The solicitation provided for the award of a personal services contract for a base period of 2 years with one 1-year option, and included a detailed description of the tasks (both specific and general) to be performed by the successful monitoring and evaluation specialist. For example, the successful applicant will "[h]ave broad responsibility for the design and implementation of the monitoring and evaluation systems," and will "[w]ork with the teams to ensure that the indicators in the Performance Monitoring Plans accurately measure the desired results, that the data are available and collected by the responsible party, and that on-going monitoring takes place." Solicitation Secs. C, D.

The solicitation also set forth the qualifications desired of candidates and the information to be included in the applications. The solicitation informed candidates that their applications would be evaluated under the following criteria: education (25 percent); work experience (60 percent); and French language capabilities (15 percent). Solicitation Sec. G.

The agency received applications from 18 individuals, and selected 3 applications, including those submitted by the protester and the awardee, for "detailed consideration" by an evaluation committee. Agency Report at 4. The applications were evaluated individually by each committee member and an overall composite score was calculated for each applicant. Agency Report, Tab L, Memorandum of Selection Committee, at 1. The awardee's application received a composite score of 388 out of 500 points, the application of a second individual received 343 points, and the protester's application received 322 points. The agency concluded that the awardee was the strongest of the candidates based upon the applications submitted and selected her for the position. Id. at 5.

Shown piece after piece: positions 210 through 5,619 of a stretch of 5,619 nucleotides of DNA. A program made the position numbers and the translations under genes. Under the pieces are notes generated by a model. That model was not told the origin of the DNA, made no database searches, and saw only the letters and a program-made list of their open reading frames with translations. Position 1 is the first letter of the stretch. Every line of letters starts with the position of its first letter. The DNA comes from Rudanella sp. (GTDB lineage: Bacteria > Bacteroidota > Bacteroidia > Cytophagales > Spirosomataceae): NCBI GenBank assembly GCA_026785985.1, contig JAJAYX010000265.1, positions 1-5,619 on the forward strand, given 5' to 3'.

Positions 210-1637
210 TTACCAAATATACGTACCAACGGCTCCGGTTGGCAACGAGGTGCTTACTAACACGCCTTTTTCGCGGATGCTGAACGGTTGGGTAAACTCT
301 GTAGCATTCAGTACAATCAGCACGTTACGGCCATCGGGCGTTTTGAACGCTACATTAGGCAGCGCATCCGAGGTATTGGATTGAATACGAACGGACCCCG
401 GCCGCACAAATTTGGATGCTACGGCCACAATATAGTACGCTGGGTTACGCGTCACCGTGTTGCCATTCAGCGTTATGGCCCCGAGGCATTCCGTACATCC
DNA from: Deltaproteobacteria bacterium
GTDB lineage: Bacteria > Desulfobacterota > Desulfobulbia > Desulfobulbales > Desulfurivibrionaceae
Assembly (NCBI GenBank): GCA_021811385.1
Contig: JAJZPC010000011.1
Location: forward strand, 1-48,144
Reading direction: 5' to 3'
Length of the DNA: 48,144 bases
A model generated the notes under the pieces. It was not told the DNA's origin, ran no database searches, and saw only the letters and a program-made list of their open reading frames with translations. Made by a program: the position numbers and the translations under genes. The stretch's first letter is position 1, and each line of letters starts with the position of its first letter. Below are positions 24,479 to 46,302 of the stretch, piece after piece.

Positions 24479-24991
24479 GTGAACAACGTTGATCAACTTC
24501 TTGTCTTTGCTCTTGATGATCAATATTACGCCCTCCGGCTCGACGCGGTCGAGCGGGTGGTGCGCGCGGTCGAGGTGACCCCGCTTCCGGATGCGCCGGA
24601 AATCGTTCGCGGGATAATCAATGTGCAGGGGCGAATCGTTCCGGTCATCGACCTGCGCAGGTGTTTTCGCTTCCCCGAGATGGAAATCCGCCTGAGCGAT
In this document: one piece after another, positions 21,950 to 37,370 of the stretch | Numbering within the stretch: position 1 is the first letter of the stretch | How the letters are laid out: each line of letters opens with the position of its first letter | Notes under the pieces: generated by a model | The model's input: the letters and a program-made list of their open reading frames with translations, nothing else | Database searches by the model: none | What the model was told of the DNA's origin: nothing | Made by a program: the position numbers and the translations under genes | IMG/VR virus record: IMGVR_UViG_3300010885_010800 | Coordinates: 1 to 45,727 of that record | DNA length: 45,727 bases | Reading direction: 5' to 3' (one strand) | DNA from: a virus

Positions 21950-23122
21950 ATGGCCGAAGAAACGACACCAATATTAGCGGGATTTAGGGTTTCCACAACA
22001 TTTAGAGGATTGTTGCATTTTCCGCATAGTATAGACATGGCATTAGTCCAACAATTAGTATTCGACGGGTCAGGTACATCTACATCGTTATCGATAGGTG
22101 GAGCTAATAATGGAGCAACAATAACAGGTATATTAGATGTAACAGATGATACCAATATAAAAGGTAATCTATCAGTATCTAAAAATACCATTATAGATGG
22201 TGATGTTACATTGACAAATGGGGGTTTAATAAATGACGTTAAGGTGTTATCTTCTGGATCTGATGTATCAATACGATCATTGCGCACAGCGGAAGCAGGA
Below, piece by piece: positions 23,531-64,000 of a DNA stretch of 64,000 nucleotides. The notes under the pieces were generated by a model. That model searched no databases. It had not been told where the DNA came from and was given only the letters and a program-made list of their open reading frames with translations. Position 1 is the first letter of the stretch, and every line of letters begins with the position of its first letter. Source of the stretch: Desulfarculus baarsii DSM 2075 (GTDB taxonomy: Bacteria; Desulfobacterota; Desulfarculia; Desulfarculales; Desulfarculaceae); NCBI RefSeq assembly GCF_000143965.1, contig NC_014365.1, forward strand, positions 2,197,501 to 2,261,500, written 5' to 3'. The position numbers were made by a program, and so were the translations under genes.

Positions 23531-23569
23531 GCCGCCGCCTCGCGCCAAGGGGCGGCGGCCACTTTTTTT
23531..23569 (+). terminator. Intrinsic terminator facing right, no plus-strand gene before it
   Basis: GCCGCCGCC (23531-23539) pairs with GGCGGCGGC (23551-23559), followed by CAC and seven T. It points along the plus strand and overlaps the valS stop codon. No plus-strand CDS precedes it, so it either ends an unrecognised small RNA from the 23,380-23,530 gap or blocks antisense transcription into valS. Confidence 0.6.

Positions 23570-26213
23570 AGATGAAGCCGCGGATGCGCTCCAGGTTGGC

The protester argues that the agency failed to evaluate his and the awardee's applications reasonably and in accordance with the "work experience" criterion set forth in the solicitation.